By Brent Thomas (Published in UDIA Qld Establish Magazine #112 – Spring 2019)
In all growth corridors across South East Queensland (SEQ), it is widely known that there are major land holdings in the urban footprint (UF) that have been identified as suitable for urban development, but have been locked up due to any range of issues. Most notably are the misalignment between Council planning schemes and the South East Queensland Regional Plan UF (SEQRP UF), fragmentation of land ownership and infrastructure planning and delivery. The process of taking land from strategic designation to shovel ready is so disjointed, with no single entity having responsibility to implement the delivery of land for development. Inevitably, this means market opportunities are missed, projects are stalled, costs increase and affordability comes under pressure. Despite having an UF, infrastructure planning always seems to be at least one cycle out of alignment with land use planning and it is then left up to developers to resolve servicing solutions on an application by application basis.
I am a civil engineer and have been involved in the development of tens of thousands of new housing lots across SEQ throughout my career. You’d hope I’d have learned a thing or two in that time. Which is also why I question what benefit the establishment of a SEQRP UF has actually delivered. In saying this, my focus is on the observable outcomes, not the intent – however meritorious.
Has it improved affordability? Has it improved the range of housing choices? Has it aligned future supply with rising demand in the areas where the land is actually required? Has it stimulated a competitive market? Does it cater equally for inner city as well as suburban communities? Does it give the public confidence in knowing where future development will occur, and when? Has it resulted in better infrastructure planning and more certainty for developers who create communities for Queenslanders?
I understand that we need to have some plan that shapes and guides the way our region develops and where people will settle, but too much interference and policy red tape creates uncertainty, confusion and elevates risk and results in unnecessary costs to projects, which exacerbates affordability pressures.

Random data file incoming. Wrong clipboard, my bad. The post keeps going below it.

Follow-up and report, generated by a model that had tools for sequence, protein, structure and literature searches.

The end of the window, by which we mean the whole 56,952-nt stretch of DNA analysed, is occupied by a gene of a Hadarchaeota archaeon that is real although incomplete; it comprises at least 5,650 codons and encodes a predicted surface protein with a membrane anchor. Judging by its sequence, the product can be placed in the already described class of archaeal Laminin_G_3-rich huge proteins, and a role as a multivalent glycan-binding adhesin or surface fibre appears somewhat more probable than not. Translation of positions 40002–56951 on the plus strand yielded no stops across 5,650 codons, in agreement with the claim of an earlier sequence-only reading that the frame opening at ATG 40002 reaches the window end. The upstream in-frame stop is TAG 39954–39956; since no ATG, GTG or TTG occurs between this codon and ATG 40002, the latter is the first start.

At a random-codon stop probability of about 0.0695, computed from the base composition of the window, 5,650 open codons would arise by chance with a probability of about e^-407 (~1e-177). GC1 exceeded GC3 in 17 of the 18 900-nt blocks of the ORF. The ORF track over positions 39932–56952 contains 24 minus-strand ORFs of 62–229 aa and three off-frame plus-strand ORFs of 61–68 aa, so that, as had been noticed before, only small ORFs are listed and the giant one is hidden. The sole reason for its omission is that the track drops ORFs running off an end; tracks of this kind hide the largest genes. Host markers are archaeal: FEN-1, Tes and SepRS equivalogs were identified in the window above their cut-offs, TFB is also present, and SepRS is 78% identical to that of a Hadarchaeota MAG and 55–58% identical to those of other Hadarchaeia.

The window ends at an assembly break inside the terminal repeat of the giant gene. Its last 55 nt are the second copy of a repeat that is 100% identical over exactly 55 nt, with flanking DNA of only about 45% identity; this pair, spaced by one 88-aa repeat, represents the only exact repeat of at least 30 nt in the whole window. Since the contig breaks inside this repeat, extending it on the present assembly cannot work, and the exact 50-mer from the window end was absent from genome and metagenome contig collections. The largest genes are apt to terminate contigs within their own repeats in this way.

Land supply is central to addressing affordability and containing land via an artificial boundary does little but artificially inflate land prices. Recent englobo sales data from Ray White Special Projects (RWSP) revealed that on average in 2018/19 in the corridors of Logan Reserve, Flagstone, Ripley and Moreton Bay, developers paid on average $940,000 / ha for land within the UF compared to $91,000 / ha for land outside of but adjacent to the UF. Converting this to a cost per lot using 15 dwellings/ha delivers a stark comparison – $62,600 / lot for land inside the UF and $6,000 / lot for land outside the UF. The tenfold difference in price is the artificial ‘line on the map’.
With dwindling englobo land supply, purchase price growth in the last four years for land suitable for development within the UF, has been significant as evidenced below (data courtesy of RWSP).
||Price in 15/16 ($/ha)
||Price in 18/19 ($/ha)
|Logan Reserve/Park Ridge
Development costs are also increasing with the average cost to deliver a detached lot in SEQ being $98,511 / lot (PEAKURBAN, 2019). Varying standards, location and topography result in a range across the SEQ region from $82,150 / lot on the Sunshine Coast, $105,430 /lot in Moreton Bay to $121,390 / lot in Brisbane North. Perhaps a focus on consistent infrastructure standards across SEQ would help deliver cost efficiencies.
So, what’s needed to help unlock land and deliver housing with certainty and at the lowest cost?
- Have a Regional Plan with teeth or don’t have one at all. Align Council planning schemes with State UF areas to remove conflict and provide certainty;
- Plan for the longer term and base infrastructure planning on UF areas, not Council planning scheme areas. This assists in investment certainty for Authorities and minimises delays caused by ever changing planning schemes and priorities;
- Ensure infrastructure solutions are developed cognisant of the housing stock type and price point for the area. Start with the end sales price for the land and work backwards to develop a servicing strategy that works for the area;
- Consider alternative infrastructure funding models to deliver catalytic infrastructure for major growth areas. Municipal bonds have been widely used in other parts of the world to finance and deliver key pieces of infrastructure.
More appropriate development land is needed in SEQ if our growth targets are to be met. Failure to do so will see demand accelerate beyond supply – a policy induced problem which will only see land prices rise further and worsen the affordability problem in the region.